The last section on “War and National Security” contains three essays that document the aftermath of 9/11 on Arab American women. In “Ethnic Citizenship in a Time of Crisis, Lebanese American Women in the War of 2006,” Rita Stephan charts the bureaucratic and emotional complications of her own experience and those of other Lebanese American women who returned to Lebanon with their children for a summer vacation and found themselves fleeing a war armed with their American passports. Louise Cainkar documents the alarming rise of racists’ attacks against veiled women in the Chicago area in “Dangerous Women/Women in Danger, Gendered Impacts of Hate and Repression, 9/11 and Beyond.” Cainkar pinpoints the erroneous perception of the hijab as the “rejection of freedom” exposing the “notion that one cannot be American and Arab or Muslim at the same time.” Theresa Saliba ends the collection with a stern essay “Gendering the Security State, Family and Community Impacts of Arab Detentions in the Northwest United States.” Some readers may be surprised that “by April 14, the Obama administration had surpassed two million deportations, exceeding deportations under the previous Bush administration.” These deportations of the innocent deny these fathers the “right to protect their families” and collectively punish the remaining women and children. Saliba warns that women themselves are not exempted from the injustices of the industrialization of American security and stresses the urgency of community activism.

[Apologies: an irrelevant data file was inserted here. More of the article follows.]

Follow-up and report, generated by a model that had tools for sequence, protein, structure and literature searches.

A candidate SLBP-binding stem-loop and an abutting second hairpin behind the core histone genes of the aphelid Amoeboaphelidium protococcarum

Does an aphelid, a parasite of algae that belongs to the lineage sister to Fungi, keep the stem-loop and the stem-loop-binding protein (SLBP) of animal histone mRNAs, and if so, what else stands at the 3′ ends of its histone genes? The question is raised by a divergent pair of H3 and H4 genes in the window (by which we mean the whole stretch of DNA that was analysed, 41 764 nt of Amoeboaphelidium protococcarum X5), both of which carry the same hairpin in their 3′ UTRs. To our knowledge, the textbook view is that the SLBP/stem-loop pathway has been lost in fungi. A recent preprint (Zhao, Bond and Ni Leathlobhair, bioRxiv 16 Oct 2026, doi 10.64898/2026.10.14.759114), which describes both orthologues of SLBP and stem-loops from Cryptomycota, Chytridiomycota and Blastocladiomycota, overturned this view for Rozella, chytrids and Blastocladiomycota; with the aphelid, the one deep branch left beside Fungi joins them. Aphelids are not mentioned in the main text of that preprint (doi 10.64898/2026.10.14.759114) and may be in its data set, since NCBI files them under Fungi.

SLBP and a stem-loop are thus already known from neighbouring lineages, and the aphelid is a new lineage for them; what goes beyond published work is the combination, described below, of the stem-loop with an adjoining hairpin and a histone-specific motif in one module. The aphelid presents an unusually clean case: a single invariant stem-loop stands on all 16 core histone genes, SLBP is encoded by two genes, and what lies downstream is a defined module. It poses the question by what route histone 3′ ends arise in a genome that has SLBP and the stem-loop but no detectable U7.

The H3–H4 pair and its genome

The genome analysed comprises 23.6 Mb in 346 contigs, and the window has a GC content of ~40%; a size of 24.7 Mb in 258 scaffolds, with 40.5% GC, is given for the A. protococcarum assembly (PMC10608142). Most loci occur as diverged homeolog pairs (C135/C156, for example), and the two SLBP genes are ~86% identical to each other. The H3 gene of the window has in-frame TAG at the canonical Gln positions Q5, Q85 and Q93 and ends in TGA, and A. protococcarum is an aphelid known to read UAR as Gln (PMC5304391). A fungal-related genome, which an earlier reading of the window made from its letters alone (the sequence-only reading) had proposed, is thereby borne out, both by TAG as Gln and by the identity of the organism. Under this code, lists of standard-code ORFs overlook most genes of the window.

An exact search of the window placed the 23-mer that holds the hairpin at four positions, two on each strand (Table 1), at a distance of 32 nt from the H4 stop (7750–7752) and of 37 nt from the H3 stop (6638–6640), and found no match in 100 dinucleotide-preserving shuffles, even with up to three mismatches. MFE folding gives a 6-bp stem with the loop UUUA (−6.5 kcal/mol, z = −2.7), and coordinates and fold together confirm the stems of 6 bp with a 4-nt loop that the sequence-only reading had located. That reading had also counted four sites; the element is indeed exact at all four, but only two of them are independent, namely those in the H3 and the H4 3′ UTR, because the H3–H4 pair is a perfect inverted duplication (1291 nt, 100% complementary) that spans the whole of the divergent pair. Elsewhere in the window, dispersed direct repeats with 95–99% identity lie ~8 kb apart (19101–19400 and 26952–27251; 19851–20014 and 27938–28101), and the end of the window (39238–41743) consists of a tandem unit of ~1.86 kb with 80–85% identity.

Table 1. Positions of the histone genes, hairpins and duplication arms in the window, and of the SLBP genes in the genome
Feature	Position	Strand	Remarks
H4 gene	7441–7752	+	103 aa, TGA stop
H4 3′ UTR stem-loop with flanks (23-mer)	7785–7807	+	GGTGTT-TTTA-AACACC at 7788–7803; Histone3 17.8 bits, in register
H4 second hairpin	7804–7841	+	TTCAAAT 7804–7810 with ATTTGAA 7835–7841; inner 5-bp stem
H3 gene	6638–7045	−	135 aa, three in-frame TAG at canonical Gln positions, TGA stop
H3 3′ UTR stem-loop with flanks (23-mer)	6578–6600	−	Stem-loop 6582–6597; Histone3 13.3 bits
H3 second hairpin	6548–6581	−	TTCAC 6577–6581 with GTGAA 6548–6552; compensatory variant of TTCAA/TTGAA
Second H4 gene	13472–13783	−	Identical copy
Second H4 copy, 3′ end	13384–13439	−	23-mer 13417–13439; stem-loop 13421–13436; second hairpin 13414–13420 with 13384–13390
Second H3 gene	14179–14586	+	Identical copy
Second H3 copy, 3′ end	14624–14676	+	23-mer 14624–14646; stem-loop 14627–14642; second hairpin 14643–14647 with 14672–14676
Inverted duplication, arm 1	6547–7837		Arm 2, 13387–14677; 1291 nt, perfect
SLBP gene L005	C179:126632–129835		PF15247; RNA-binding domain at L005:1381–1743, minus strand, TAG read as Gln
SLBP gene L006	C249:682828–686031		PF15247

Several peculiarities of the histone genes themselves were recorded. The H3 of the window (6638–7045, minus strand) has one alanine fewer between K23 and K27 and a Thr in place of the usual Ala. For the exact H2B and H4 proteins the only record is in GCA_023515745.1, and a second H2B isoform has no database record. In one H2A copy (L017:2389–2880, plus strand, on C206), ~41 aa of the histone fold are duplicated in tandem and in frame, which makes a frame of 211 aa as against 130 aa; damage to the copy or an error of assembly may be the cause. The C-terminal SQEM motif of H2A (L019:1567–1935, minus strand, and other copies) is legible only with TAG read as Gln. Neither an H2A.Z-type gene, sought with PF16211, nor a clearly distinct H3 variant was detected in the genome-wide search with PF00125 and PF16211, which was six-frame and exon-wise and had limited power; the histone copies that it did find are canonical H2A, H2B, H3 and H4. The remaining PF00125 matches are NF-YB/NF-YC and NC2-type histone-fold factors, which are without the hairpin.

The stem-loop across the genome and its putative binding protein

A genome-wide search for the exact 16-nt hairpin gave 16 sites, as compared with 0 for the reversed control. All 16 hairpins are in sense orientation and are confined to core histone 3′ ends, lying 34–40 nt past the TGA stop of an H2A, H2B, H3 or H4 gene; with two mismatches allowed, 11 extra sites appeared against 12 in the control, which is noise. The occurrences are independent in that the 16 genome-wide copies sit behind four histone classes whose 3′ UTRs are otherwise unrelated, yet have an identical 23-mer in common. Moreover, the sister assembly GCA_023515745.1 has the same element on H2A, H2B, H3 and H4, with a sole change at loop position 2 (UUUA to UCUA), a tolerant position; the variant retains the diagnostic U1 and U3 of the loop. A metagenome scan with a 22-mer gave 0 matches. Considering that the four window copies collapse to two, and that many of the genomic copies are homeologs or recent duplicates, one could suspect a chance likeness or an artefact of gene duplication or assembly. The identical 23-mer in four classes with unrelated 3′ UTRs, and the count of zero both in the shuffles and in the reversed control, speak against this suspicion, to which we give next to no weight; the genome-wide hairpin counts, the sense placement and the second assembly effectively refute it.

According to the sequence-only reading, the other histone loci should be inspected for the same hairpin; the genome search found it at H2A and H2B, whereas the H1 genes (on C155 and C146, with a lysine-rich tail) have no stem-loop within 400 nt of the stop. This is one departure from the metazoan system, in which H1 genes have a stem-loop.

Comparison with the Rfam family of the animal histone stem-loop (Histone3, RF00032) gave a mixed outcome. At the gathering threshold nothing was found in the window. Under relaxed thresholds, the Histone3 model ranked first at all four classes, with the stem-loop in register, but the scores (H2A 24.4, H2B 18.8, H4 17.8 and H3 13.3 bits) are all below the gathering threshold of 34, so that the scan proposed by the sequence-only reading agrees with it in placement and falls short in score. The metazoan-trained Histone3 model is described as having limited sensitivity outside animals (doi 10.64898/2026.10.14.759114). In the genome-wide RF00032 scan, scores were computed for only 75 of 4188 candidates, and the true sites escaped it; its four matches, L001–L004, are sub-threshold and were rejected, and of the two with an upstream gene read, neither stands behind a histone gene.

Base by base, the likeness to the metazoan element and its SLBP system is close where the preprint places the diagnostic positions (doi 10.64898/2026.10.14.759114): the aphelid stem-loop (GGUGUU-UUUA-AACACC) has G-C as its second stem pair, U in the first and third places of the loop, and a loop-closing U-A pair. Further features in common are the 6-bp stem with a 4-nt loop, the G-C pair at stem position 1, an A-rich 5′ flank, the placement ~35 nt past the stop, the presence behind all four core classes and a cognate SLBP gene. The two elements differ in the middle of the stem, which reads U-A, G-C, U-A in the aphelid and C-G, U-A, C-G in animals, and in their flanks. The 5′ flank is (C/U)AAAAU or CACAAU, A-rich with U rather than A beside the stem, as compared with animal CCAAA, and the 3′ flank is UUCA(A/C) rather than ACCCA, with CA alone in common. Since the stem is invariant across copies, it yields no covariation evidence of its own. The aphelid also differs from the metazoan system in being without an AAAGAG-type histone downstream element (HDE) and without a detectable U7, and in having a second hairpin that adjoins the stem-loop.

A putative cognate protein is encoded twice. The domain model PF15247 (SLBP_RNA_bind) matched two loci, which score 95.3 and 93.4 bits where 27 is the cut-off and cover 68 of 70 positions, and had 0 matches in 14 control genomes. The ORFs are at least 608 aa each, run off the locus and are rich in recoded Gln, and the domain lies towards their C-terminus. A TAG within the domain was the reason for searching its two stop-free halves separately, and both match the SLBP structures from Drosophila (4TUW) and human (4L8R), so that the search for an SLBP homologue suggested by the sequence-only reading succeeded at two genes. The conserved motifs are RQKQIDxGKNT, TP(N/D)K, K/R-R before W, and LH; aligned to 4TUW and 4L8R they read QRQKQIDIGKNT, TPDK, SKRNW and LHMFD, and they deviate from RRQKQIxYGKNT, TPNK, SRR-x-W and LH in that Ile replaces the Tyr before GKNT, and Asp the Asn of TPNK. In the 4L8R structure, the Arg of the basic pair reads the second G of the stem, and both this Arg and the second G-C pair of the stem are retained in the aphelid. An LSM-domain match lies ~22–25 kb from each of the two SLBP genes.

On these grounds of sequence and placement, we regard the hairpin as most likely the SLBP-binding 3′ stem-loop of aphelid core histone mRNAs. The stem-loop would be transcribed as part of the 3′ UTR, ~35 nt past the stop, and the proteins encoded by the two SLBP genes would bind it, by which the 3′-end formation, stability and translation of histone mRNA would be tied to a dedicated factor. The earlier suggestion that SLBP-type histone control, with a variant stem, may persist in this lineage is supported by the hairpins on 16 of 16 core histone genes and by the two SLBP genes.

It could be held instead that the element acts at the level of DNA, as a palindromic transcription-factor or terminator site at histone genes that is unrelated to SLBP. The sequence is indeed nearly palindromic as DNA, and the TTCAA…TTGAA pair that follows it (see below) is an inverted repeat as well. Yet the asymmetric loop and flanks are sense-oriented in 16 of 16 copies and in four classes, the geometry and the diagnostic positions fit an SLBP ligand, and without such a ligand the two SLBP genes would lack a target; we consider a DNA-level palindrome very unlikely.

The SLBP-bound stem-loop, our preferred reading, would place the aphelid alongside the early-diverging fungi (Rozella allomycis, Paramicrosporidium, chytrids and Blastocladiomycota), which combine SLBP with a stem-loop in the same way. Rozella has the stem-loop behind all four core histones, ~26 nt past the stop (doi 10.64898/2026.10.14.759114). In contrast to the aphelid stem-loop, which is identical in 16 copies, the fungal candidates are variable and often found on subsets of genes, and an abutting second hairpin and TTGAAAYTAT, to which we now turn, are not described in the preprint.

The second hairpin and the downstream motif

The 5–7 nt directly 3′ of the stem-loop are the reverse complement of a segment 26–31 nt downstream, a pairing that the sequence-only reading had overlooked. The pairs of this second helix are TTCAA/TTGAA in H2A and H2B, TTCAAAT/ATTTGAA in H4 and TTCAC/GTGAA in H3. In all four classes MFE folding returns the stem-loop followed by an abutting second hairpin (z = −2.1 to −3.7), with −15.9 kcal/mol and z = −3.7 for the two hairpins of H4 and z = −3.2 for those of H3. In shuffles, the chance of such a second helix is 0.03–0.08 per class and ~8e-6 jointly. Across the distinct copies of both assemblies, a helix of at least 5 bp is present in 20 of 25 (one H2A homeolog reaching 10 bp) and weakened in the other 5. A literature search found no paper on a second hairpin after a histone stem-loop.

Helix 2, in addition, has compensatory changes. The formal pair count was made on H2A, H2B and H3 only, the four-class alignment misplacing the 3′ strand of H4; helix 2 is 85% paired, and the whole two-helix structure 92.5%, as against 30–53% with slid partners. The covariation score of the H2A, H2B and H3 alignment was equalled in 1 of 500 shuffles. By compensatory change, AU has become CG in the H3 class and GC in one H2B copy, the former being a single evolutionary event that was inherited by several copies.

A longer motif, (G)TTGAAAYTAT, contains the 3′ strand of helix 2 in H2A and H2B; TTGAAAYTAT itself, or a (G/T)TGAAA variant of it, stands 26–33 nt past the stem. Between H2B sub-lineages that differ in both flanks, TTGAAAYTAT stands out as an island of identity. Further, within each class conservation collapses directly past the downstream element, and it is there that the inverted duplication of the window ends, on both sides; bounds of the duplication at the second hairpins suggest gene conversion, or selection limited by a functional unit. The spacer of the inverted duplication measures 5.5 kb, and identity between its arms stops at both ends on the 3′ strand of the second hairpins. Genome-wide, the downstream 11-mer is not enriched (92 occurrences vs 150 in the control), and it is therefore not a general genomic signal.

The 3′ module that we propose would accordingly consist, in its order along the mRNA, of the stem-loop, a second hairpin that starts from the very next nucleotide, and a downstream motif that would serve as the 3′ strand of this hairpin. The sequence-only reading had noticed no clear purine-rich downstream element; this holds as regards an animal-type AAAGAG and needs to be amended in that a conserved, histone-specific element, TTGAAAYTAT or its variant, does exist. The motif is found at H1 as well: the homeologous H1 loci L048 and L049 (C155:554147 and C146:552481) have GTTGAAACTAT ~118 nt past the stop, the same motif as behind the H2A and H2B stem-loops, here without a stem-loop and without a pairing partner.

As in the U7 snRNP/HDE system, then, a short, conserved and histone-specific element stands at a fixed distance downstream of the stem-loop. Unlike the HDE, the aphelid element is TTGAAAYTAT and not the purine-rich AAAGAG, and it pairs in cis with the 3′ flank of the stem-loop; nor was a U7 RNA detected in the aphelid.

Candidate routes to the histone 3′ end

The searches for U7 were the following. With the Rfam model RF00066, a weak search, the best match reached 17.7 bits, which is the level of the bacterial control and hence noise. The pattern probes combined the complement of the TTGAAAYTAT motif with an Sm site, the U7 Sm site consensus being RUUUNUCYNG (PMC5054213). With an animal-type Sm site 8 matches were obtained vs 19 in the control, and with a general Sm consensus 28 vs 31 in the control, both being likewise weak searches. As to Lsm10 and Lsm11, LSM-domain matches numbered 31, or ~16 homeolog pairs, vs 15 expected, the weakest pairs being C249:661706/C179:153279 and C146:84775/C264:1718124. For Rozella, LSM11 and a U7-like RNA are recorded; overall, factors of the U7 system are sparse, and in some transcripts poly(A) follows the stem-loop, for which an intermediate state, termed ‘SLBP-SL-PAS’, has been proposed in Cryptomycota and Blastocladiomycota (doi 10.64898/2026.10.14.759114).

As a lasting and inspiring memorial to the trail blazing work of Michael Suleiman, each one of these nineteen essays contributes to the collective community of Arab Americans and to broader scholarship on immigration, ethnic and gender studies. I cannot emphasize enough how reading this collection resonated on so many levels with my own family history and the validation of just holding this collection in my hands as a scholar and as an Arab American woman. Certainly, “Arab American Women: Representation and Refusal,” which offers so many resources for the young scholar, belongs on the shelf in any American library or on the bookshelf of Arab American homes.
Copyright © 2022 by Al Jadid
Copyright © 2022 by Al Jadid